Title: Structured Minimally Supervised Learning for Neural Relation Extraction
Abstract: In this talk, I will describe an effort to extract structured knowledge from text, without relying on slow and expensive human labeling (accepted to NAACL 2019). Our approach combines the benefits of learned representations and structured learning, and accurately predicts sentence-level relation mentions given only proposition-level supervision from a knowledge base. By explicitly reasoning about missing data during learning, this method enables large-scale training of convolutional neural networks while mitigating the issue of label noise inherent in distant supervision. Our approach achieves state-of-the-art results on minimally supervised sentential relation extraction, outperforming a number of baselines, including a competitive approach that uses the attention layer of a purely neural model.
Bio: Fan Bai is a third-year PhD student in the Department of Computer Science and Engineering, advised by Prof. Alan Ritter. His research mainly focuses on extracting structured knowledge from large corpus under distant supervision.
Title: Diving for Pearls: Indexing Mobility Information in Clinical Records with a Neural Relevance Tagger
Abstract: Locating sparse information in medical text that is relevant to reported functional limitations is a significant challenge in the US Social Security Administration’s (SSA) process of determining disability. In this talk, I will introduce HARE, a system for highlighting relevant information in document collections for retrieval and triage (accepted to EMNLP 2019), and describe applications of this tool to retrieve narrative descriptions of mobility limitations in NIH and SSA records. I will demonstrate that tagging for relevance at the token level achieves high recall on retrieving true mobility descriptions, and ranking documents by the number of predicted mobility-relevant segments achieves strong correlation with ranking by true mobility information. Additionally, I will show that static word embedding features and contextualized ELMo and BERT features yield substantially different patterns in system outputs, and describe several patterns identified through qualitative analysis that suggest clear directions for further research on improving indexing of functional status information.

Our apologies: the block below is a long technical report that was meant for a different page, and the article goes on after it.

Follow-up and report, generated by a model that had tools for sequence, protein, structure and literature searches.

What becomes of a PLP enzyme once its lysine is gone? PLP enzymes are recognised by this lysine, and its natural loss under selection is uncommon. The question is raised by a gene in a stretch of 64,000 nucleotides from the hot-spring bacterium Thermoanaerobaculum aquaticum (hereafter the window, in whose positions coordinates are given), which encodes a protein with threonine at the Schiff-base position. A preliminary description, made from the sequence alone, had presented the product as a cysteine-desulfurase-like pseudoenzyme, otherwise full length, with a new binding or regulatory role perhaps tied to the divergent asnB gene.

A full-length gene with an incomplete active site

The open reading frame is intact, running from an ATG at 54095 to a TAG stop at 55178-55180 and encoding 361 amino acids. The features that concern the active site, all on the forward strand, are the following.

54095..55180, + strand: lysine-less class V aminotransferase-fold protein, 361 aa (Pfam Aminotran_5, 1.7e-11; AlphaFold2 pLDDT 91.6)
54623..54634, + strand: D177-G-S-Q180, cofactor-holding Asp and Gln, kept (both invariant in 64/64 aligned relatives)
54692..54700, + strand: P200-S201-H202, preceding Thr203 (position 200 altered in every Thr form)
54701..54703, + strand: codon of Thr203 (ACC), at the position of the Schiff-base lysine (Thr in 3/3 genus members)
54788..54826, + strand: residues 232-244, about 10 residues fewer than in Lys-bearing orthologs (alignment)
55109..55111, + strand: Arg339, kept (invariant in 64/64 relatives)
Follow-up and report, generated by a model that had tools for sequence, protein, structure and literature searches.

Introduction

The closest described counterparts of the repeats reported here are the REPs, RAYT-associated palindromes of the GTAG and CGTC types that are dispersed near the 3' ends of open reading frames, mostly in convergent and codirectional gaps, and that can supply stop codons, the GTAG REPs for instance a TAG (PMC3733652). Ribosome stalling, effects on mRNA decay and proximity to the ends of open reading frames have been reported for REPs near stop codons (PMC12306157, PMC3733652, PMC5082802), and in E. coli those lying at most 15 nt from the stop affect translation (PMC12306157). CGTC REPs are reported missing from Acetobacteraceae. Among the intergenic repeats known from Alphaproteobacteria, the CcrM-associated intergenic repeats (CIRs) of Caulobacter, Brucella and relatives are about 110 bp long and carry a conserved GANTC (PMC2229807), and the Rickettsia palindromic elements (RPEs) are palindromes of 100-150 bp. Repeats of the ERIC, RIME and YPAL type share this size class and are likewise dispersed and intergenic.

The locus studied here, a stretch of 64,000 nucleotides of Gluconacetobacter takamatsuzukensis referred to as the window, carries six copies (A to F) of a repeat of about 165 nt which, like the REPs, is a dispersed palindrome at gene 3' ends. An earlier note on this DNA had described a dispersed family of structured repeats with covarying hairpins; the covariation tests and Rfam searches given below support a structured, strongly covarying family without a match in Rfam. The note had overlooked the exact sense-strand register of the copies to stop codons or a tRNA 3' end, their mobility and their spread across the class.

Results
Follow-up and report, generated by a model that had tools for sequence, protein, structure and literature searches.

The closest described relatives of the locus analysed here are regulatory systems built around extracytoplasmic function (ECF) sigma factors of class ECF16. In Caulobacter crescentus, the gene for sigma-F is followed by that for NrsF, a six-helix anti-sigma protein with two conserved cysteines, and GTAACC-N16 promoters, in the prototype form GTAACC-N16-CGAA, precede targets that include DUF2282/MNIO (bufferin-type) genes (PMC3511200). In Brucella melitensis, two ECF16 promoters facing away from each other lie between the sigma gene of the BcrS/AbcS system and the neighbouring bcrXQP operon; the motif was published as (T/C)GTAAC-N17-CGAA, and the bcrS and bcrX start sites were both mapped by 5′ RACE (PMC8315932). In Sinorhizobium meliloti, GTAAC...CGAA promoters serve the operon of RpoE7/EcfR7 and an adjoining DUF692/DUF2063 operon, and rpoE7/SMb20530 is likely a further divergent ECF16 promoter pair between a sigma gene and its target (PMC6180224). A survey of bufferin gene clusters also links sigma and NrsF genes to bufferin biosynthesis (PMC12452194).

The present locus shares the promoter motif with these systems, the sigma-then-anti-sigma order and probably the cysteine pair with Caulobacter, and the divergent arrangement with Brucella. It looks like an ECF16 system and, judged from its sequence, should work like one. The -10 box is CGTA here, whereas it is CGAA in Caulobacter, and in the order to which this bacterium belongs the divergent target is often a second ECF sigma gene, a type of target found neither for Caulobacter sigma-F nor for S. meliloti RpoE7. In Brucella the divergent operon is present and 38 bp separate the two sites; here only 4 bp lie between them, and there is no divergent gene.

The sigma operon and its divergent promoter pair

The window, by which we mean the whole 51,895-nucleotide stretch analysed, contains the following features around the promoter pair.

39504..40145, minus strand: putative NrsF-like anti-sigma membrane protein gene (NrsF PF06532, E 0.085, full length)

Bio: Denis is a 6th-year PhD student in the Department of Computer Science and Engineering, studying with Dr. Eric Fosler-Lussier. He is a Pre-Doctoral Fellow of the National Institutes of Health Clinical Center since 2015, and has led pioneering research on natural language processing methods for functional status information, particularly in the domain of mobility. His research areas include information extraction and retrieval, linguistic analysis of clinical data, and representation learning, and his work has been funded by the Intramural Program of the National Institutes of Health and the US Social Security Administration.